Daisy Knatchbull was working for a tailor on London's famous bespoke suit street, Savile Row, when she realized that there was a gap in the market. In a city full of professional women, there were few, if any, dedicated shops where they could go to have suits custom-made. So, Daisy came up with the idea for The Deck, the first tailoring house for women in the history of Savile Row. It seemed like a no-brainer.
Daisy was working on the fashion desk of the Sunday Times newspaper when she saw an ad for a job at a men's tailoring brand that sparked her attention. ‘A job came up working for Huntsman on Savile Row. I got it and worked my way up to become communications director and tried to learn menswear literally down to the stitch,’ she says. Her experience in this job really brought home to her what a completely male-dominated environment Savile Row was – something she wanted to change.
‘It gave me the idea to start a business that offered an empathetic, welcoming, cozy atmosphere for women, where the modern working woman could basically build a bespoke wardrobe,’ says Daisy. ‘I wanted to give them the opportunity to have something made for them rather than trying to squeeze themselves into something. They could choose everything from the cloth to the lining and buttons.’ The idea came to Daisy like a revelation and she did everything she could to make it happen. ‘I had 100 coffee meetings in three months. I met up with business people – not just those in fashion or tailoring – lawyers and accountants, and just tried to soak up as much as I could about business and how to be successful.’
Celebrating women's bodies
The next step in the process was to get some firm foundations in place. ‘I set out to focus on the legal aspects, setting up sturdy financials and building a strong team to execute my vision – people who believed in what I was doing, because a lot of people didn't,’ she confesses. ‘I was very lucky that it finally ended up paying off.’
One of the reasons that Daisy felt that The Deck was necessary is that every woman, no matter her shape or size, wants her clothes to fit well. This, however, means more complicated tailoring, something which Daisy says made people skeptical of the business. ‘Women’s bodies are supposedly often too difficult with boobs and bums. Of course, it is more complex, but it doesn’t mean that it’s not possible. We put a man on the moon, so we can tailor a suit for women successfully!’ She found that the effect of the business on women customers was much more emotional than she had anticipated and even therapeutic. ‘Women come in and apologize for their bodies and I say “No, don’t apologize – that’s being a woman. Welcome.” Here that is celebrated. Come in and we will make something fantastic that is made for you,’ she says.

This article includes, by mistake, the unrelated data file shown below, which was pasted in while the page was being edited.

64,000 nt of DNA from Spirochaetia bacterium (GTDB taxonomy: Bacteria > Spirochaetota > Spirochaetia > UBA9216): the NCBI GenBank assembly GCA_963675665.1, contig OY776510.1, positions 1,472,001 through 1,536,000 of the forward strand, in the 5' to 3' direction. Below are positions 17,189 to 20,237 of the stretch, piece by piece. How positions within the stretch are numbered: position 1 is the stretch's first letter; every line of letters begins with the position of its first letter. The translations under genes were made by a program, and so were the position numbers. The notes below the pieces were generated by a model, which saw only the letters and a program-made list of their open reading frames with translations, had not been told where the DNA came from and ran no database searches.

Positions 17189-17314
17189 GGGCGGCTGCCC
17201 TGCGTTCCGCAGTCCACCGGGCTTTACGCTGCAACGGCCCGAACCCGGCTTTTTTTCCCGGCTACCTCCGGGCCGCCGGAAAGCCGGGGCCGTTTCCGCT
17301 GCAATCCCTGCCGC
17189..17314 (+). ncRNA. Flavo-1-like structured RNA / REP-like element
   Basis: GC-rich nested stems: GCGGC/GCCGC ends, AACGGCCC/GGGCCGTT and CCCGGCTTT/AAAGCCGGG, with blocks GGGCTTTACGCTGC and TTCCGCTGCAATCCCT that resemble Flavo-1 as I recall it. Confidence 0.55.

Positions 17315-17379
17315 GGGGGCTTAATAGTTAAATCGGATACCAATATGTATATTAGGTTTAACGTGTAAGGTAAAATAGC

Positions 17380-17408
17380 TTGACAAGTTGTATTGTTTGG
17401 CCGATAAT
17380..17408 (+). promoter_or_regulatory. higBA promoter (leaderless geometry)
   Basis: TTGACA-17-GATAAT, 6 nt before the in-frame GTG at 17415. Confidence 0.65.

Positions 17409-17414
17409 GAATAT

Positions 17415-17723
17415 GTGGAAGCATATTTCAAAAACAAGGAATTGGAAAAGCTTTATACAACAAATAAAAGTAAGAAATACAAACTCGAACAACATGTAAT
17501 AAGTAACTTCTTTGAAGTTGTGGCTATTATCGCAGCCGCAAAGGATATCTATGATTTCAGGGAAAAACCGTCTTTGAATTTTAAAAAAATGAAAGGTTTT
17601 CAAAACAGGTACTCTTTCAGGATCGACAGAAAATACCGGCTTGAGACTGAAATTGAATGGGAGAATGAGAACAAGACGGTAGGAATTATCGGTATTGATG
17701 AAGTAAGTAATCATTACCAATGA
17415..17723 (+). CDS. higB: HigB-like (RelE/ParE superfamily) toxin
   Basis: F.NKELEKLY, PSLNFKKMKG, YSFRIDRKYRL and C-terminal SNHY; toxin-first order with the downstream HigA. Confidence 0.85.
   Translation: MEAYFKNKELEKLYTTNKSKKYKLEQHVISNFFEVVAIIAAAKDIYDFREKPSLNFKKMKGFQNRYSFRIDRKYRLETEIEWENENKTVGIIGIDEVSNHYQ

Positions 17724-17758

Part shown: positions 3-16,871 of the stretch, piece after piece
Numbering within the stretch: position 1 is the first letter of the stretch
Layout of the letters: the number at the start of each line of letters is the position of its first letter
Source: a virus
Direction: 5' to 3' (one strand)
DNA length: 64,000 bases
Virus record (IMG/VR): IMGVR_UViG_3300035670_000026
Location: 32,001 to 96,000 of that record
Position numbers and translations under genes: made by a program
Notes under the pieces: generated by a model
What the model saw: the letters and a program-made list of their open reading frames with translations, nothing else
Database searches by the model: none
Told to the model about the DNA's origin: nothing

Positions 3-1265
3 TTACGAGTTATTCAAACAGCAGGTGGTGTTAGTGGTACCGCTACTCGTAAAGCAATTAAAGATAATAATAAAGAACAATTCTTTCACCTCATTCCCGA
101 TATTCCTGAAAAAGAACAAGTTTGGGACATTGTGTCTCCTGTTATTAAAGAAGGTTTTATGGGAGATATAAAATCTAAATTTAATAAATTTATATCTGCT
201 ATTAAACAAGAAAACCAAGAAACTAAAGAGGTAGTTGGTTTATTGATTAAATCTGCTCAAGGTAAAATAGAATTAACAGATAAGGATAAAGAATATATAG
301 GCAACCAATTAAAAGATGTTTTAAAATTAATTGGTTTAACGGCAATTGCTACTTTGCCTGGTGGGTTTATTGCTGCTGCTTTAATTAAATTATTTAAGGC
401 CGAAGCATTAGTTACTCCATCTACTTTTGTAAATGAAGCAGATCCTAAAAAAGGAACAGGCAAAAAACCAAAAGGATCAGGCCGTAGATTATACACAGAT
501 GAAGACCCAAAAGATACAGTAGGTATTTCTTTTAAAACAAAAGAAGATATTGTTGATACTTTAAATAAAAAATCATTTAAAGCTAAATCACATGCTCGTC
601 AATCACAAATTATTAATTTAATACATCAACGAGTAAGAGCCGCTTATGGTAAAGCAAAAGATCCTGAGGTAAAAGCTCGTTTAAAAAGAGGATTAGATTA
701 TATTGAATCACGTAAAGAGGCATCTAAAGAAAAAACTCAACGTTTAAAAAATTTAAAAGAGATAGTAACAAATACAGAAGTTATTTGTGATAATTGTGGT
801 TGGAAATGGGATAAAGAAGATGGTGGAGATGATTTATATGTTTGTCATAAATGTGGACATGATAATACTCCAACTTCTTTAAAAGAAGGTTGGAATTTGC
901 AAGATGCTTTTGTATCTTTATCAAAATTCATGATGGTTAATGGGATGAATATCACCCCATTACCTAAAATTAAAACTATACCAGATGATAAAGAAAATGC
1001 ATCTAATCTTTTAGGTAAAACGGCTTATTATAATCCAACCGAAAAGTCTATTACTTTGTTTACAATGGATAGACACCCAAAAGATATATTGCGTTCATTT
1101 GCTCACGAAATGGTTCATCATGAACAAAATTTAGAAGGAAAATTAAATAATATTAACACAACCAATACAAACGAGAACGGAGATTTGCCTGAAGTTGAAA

Custom creations for each customers
As a woman who had always worn tailored clothing, Daisy understood why it was so sensitive. ‘You want the person measuring you to be a woman. Loads of my clients are going through menopause or they’re having IVF or they’re really bloated. You want to be heard and understood by a woman and talk about things only we go through.’ Clients instantly loved The Deck. Despite an unlucky opening during a time of Brexit-related issues and the pandemic, they’ve doubled their businesses year-on-year. ‘We’ve been really lucky with a really loyal client base.’
Daisy believes that filling such a necessary niche is what has already made The Deck so enduring. ‘When you hit a niche, it resonates for people. I think that’s what happened. People just felt that it was long overdue and that it was exactly what they needed. They want to shift their spending to more conscious consumerism,’ she says. Of course, that isn’t cheap, but a custom suit is designed to last, and the message resonated with the right client base. ‘Our suits start at £2000. They can wear it from day to night for a number of occasions. We do free repairs for life, they’re supporting a female-founded business, and they’re doing something that’s good for the planet. I think people saw value in that.’
Above all, though, the tailoring is central to The Deck. Because of the high-cost of custom tailoring, they are currently working on ways to lower the barrier to entry with pricing installments and separates so more women can enjoy what they do. For Daisy, The Deck’s mission is simple. ‘It’s about being the destination for women tailoring today. Understanding these women and offering them this amazing space, that safe, unintimidating and inviting, and welcoming space. We understand their emotional relationship with clothing. It’s a complex one.’